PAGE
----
What promises has the digital revolution yet to deliver?
The Internet has upset former power structures, flattening organizations and empowering individuals, resulting in more democratic, open, and responsible ways of doing business… Or has it? The Internet is indeed a technology with the potential to drive these changes, but whether or not the digital economy is moving in these much celebrated directions remains far from clear.
Most modern, progressive business leaders embrace the dominant narrative around the Internet: “It is a technology that liberates, informs, and empowers people.” The prevailing wisdom for organizations is to invest in digital infrastructure, promote engagement with digital tools, and make accompanying shifts towards flatter structures and more open cultures. The focus is on the opportunities and potential of the digital age for engagement, innovation capacity, and performance. Amidst all the enthusiasm around the powerful capabilities of these technologies, however, their dangers may be getting overlooked. In her compelling book, documentarian and activist Astra Taylor exposes many of the myths around the transformative power of digital technologies, urging recognition of the fact that these are merely tools, which will not magically create better ways of doing business all on their own. “Technology alone cannot deliver the cultural transformation we have been waiting for; instead, we need to first understand and then address the underlying social and economic forces that shape it,” she writes. “Only then can we make good on the unprecedented opportunity the Internet offers and begin to make the ideal of a more inclusive and equitable culture a reality.”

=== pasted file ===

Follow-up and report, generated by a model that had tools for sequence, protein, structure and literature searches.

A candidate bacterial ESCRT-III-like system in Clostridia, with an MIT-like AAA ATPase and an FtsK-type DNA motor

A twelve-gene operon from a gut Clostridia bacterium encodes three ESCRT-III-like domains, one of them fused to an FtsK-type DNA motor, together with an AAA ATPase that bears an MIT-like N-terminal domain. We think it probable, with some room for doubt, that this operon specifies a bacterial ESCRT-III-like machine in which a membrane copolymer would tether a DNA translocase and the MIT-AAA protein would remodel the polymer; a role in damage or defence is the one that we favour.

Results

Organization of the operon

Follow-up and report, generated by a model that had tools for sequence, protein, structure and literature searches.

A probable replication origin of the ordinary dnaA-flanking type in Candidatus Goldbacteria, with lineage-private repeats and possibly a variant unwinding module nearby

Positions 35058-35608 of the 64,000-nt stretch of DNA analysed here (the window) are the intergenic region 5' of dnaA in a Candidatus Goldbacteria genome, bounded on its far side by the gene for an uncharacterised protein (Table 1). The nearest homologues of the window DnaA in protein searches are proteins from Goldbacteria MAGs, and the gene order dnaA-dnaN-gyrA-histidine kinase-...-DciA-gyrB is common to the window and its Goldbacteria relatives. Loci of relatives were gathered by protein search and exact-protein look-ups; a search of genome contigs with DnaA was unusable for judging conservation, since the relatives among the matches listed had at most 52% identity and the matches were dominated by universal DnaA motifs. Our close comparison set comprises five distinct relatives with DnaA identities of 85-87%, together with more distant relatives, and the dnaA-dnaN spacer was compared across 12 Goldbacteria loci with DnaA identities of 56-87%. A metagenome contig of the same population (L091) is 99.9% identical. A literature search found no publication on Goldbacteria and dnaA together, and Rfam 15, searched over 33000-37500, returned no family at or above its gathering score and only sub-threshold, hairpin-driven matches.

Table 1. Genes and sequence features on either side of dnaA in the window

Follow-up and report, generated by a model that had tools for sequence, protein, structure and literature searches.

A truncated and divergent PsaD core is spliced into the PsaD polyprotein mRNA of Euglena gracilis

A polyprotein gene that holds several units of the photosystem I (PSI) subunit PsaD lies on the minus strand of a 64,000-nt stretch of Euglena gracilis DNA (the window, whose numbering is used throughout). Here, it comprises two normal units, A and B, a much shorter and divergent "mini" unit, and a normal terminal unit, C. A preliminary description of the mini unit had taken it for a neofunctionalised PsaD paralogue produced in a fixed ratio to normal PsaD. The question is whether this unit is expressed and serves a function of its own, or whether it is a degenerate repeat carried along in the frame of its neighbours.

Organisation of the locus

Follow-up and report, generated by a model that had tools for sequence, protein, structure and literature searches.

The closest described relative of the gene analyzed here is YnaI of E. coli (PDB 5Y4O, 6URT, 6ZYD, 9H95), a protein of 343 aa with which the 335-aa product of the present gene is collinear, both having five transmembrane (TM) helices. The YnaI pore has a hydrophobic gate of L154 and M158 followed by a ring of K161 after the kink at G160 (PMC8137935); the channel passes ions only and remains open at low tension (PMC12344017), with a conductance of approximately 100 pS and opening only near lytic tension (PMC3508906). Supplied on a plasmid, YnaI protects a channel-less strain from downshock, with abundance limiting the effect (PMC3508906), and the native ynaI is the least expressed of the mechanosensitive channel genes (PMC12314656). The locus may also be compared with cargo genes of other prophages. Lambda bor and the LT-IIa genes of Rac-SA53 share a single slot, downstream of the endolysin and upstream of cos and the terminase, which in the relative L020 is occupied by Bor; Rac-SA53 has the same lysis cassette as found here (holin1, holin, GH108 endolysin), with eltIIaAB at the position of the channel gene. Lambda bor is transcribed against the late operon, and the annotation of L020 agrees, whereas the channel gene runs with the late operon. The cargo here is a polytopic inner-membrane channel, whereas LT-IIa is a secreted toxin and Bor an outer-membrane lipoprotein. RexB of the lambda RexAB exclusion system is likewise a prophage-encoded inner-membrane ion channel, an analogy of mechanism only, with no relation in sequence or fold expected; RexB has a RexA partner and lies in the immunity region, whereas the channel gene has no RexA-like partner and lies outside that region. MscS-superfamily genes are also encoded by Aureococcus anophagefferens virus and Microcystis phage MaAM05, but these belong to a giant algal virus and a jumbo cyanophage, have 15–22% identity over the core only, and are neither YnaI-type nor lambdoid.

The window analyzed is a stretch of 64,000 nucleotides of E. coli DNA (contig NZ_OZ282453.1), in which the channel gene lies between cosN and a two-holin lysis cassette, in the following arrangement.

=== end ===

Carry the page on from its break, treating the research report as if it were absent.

Myth n°1: The digital revolution promotes diversity
The Internet supposedly empowers a diverse array of individuals to have a voice and connect online; however, as Taylor points out, there are significant indicators that the Internet is not the “level playing field” that it has been made out to be. In fact, the Internet’s lauded “open” online communities so far tend to exhibit even greater insularity, discrimination, and homogeneity than traditional offline communities, with huge disparities in online user behaviors along class, race, and gender lines. “Well-educated white male professionals” are heavily overrepresented in virtual spaces; for example, on Wikipedia, a celebrated model of the digital “golden age” of sharing and collaboration, “women write less than 15% of the articles,” reports Taylor. Similarly, in a 2009 Harvard Business Review study of Twitter user patterns by Bill Heil and Mikolaj Piskorski: “We found that an average man is almost twice more likely to follow another man than a woman. Similarly, an average woman is 25% more likely to follow a man than a woman (…) These results cannot be explained by different tweeting activity – both men and women tweet at the same rate.” As Taylor writes, “There’s a troubling segmentation in virtual life; familiar prejudices exist online without vital checks and balances; there’s an increasing bias toward what scholars call “homophily” (the inclination to seek out the familiar) with a corresponding threat to diversity.” Given the dependence of collective intelligence on diversity, the fact that discrimination is exacerbated within external digital spaces suggests that organizations may need to take strategic action to ensure diversity on internal digital spaces as well. In addition, since it is now common to demand that employees actively promote and manage their own individual online brands, organizations also face a responsibility to counteract the different obstacles and risks that women and other discriminated-against groups face in public online spaces.
Myth n°2: The digital revolution lends itself to democratic governance
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